Memory-Centric Architectures: Exploiting Emerging Persistent Memory


Recent advances in availability of low latency non-volatile memory have begun to blur the distinction between memory and storage. NVRAM technologies such as Phase Change Memory (PCM), STT-RAM, and Memristors combine low (read) latency approaching DRAM with persistence characteristics of storage. Our research focuses on exploiting emerging persistent memory as a new capability to enable in-memory analysis of very large datasets as well as extending the lifetime of compute processes in general so that they can stop and resume at will. Our research is driven by application use cases such as analysis of massive scale-free graphs, identification of streamlines in scientific simulation result data sets, and classification of metagenomic data sets.

To access locally attached flash storage arrays as if in memory, we’ve developed a data-intensive memory map runtime DI-MMAP that  optimizes access into large external data sets mapped into an application’s address space. DIMMAP is available as open source. We have extended the jemalloc memory allocator to support a named persistent heap as a C library, perm-je, available as open source. Perm-je is used with the Livermore Metagenomics Analysis Toolkit (LMAT), and LMAT is also available as open source. We have developed HavoqGT, which is a C++ algorithm framework to traverse massive scale-free graphs stored in locally attached flash arrays.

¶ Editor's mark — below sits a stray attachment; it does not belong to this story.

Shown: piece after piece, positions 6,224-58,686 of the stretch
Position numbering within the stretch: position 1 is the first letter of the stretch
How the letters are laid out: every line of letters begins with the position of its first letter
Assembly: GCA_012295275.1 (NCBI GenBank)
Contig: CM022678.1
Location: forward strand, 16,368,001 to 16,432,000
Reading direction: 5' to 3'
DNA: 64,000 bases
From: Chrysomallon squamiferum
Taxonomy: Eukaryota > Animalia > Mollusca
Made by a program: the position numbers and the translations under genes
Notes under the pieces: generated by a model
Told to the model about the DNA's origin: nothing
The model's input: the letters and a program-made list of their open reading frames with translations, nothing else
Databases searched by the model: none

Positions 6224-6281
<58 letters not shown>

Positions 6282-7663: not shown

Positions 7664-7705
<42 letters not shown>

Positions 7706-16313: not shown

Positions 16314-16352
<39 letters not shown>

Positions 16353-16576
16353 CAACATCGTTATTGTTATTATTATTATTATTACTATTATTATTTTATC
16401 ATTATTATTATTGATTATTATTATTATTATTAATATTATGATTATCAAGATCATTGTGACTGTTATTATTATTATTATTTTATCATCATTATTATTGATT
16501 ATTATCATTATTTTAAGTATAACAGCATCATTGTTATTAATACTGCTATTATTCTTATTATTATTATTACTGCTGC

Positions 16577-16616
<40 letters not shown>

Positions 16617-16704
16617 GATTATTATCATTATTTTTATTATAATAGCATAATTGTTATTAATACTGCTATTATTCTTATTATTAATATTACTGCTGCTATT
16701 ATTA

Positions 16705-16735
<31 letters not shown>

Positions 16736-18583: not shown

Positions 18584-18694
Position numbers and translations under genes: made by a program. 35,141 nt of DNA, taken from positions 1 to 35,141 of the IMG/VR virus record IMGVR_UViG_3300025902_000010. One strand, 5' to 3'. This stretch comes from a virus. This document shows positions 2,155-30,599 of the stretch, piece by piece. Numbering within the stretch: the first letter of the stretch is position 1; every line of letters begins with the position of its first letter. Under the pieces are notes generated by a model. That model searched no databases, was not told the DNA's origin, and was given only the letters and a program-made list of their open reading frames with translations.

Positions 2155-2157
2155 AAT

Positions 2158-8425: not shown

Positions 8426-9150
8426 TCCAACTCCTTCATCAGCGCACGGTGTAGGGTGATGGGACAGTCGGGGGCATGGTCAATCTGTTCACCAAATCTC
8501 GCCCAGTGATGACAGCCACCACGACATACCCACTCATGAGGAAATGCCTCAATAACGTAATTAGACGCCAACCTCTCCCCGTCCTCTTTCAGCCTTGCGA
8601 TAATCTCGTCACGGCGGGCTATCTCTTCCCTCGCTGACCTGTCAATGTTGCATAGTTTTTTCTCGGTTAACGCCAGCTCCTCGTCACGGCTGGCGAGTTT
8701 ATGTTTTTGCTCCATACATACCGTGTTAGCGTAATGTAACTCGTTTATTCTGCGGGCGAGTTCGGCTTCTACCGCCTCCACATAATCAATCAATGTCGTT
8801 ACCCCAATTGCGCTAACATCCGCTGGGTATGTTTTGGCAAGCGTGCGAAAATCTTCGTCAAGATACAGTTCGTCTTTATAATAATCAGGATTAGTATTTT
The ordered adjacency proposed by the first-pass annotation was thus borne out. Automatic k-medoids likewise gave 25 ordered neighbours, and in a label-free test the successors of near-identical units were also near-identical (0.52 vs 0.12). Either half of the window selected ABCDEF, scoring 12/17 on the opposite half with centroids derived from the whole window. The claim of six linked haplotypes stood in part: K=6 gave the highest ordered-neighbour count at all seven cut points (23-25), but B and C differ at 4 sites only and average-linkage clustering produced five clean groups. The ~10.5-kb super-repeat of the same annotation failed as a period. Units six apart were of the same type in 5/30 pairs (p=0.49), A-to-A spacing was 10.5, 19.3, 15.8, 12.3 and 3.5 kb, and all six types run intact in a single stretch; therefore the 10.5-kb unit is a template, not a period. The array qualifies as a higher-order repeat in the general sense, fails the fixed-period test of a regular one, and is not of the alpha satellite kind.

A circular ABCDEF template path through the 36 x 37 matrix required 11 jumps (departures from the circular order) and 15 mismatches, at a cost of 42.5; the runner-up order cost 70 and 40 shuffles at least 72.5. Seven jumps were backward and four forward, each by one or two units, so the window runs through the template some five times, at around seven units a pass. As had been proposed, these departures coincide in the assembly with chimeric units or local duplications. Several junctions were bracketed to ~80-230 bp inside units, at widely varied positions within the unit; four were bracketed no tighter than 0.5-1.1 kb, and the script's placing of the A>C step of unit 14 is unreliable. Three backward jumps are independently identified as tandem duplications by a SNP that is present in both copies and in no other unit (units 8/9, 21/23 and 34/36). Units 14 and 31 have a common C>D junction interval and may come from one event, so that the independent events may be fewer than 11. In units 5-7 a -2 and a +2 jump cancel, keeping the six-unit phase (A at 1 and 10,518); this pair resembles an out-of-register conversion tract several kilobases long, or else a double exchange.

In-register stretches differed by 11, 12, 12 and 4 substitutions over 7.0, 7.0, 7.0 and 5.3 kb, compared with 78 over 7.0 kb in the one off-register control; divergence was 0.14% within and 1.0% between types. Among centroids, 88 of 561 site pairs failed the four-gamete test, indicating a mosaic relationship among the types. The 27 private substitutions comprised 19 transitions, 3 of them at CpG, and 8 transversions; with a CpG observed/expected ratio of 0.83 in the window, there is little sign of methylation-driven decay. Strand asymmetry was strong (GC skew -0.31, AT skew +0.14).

Our on-going work quantitatively evaluates potential benefits of active memory that may be possible with 3D packaging of memory with logic such as the Hybrid Memory Cube.

LMAT is an approach to metagenomic classification that supports large, complete reference databases. The database index is precomputed from the reference sequences, and that step is a tradeoff to speed up online runtime query performance while maintaining a high level of accuracy.  These indices are memory mapped directly into the address space of the application, and when stored on flash, enable high concurrent lookup of the index keys (k-mers).  We have designed a custom k-mer index that considerably reduces the memory footprint vs conventional data structures and is suitable for highly random page retrieval from NVRAM using DI-MMAP.

HavoqGT is a framework for expressing asynchronous vertex-centric graph algorithms.   It provides a visitor interface, where actions are defined at an individual vertex level.  All graph data is stored in mmaped files, using Boost.Interprocess and Memory Mapped (mmap) I/O. Large graphs that cannot fit in main-memory may still be processed using mmap as external memory.